Portable Chest Roentgenography and Computed Tomography in Critically Ill Patients: Conclusion

7 Mar
2015

Portable Chest Roentgenography and Computed Tomography in Critically Ill Patients: ConclusionThe portable lateral film, like the decubitus films, are not often obtained in the ICUs but can better delineate the costophrenic sulci and the frequently obscured lower lobes to advantage. The lateral film is particularly useful when only one lower lobe is involved since the normal lung can provide a window to the opposite lung without the confusion of laterality. Both the decubitus and the lateral films can significantly increase the awareness of basal lung disease, unsuspected on the portable AP films.

Computed tomography generally is recognized as providing increased resolution compared with more conventional roentgenographic techniques. It is employed routinely to evaluate pulmonary nodules, mediastinal adenopathy, chronic lung disease, and to guide diagnostic procedures (eg, needle biopsy). Abdominal CT can be used effectively to diagnose postoperative abscesses in patients showing slow clinical improvement or deterioration in their overall condition. Also, lower thoracic CT, during or after abdominal CT, has been found to be very useful in the diagnosis of occult pneumothorax after blunt head or abdominal trauma. While the efficacy of the portable chest roentgenogram has been studied extensively, less attention has been given to the value of chest CT in the evaluation of critically ill patients. Selected patients with multisystem trauma who had chest CT were significantly benefitted 70 percent of the time by the discovery of additional diagnostic information affecting management and outcome in a recent series.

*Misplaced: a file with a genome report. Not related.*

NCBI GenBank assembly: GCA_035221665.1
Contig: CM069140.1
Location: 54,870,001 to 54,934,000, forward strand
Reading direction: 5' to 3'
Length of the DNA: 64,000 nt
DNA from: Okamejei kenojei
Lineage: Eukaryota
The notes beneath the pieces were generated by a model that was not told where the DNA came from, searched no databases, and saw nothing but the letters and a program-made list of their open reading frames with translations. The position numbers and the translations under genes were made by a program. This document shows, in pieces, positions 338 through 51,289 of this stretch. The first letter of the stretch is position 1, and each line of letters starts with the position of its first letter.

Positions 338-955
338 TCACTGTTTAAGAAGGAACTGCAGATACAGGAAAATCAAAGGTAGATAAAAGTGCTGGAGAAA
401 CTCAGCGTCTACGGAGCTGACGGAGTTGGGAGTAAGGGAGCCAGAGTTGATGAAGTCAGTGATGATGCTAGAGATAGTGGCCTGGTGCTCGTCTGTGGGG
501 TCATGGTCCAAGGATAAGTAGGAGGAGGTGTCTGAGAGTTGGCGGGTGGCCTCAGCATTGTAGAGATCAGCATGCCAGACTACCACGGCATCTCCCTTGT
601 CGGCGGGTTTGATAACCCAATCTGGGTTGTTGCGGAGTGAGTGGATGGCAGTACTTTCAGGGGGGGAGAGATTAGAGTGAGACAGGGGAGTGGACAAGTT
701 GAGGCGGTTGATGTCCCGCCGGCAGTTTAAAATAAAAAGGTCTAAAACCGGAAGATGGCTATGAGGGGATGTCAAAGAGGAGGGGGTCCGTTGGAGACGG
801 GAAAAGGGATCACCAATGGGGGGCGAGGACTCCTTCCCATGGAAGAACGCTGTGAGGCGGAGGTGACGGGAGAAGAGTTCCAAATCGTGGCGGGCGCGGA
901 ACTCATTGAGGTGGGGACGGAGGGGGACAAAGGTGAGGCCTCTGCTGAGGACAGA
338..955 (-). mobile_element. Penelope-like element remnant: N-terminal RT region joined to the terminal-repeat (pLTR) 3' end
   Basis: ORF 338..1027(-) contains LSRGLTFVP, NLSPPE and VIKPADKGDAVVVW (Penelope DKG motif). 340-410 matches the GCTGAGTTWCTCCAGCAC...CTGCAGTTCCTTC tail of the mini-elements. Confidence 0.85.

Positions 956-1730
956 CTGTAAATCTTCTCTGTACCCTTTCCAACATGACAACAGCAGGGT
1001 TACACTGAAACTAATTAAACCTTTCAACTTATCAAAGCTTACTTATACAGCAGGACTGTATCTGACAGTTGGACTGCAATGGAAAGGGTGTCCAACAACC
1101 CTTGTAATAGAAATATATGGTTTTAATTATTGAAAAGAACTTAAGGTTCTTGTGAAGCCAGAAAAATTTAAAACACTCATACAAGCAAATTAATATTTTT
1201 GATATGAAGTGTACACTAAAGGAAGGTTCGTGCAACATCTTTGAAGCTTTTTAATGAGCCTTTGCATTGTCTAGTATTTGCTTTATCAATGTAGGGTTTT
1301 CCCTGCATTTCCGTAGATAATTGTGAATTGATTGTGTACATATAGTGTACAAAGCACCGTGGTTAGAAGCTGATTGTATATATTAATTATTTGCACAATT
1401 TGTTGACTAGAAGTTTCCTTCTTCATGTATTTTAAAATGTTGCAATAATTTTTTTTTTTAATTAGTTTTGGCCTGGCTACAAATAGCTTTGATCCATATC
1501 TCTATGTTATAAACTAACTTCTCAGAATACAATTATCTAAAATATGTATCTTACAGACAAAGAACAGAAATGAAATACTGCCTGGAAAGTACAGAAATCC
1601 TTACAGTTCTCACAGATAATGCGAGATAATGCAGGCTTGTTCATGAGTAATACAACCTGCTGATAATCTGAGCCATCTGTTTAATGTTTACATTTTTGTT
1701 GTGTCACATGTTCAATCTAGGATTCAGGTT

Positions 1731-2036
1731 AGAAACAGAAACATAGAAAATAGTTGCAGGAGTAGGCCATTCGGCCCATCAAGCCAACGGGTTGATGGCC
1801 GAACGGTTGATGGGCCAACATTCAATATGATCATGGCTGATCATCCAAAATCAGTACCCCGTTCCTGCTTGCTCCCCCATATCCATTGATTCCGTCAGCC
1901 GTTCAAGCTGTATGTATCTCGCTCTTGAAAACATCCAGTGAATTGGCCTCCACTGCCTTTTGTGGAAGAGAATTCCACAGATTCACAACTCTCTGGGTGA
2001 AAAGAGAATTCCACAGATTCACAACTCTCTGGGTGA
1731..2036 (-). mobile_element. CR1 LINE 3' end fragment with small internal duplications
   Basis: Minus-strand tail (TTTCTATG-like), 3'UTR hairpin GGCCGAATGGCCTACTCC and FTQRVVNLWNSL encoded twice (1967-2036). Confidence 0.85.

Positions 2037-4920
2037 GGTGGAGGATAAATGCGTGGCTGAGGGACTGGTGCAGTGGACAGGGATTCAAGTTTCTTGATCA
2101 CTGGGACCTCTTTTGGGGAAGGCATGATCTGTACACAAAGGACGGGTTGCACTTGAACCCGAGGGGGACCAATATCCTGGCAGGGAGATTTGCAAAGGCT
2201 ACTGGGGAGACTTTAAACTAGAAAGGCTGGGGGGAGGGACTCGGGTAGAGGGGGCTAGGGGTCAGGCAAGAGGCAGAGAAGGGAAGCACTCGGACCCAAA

An important factor in the management of our three patients was the diagnosis of persistent intrathoracic disease which did not seem to respond to appropriate therapy In each case, a thoracic CT was performed in order to a define pathologic condition that was not evident on the conventional portable chest roentgenogram. Numerous portable chest x-ray films led us to underestimate the extent of the chest abnormalities in all three cases. Computed tomography revealed several unsuspected intrathoraeicabsce.sses, occult pneumothoraces, and a bronchopleural fistula. With correct diagnoses, inappropriate therapy was discontinued, and appropriate therapy was implemented.
Although moving a critically ill patient from the ICU to the CT scanner is a potentially dangerous process, the diagnostic advantage of a chest CT often justifies the risk. We recommend that chest CT be considered for patients with intrathoracic pathologic condition under the following conditions: (1) when the clinical course does not correlate with the current diagnostic examinations, particularly the portable chest roentgenogram, and (2) when the patient is sufficiently stable to tolerate transportation to the diagnostic facility.

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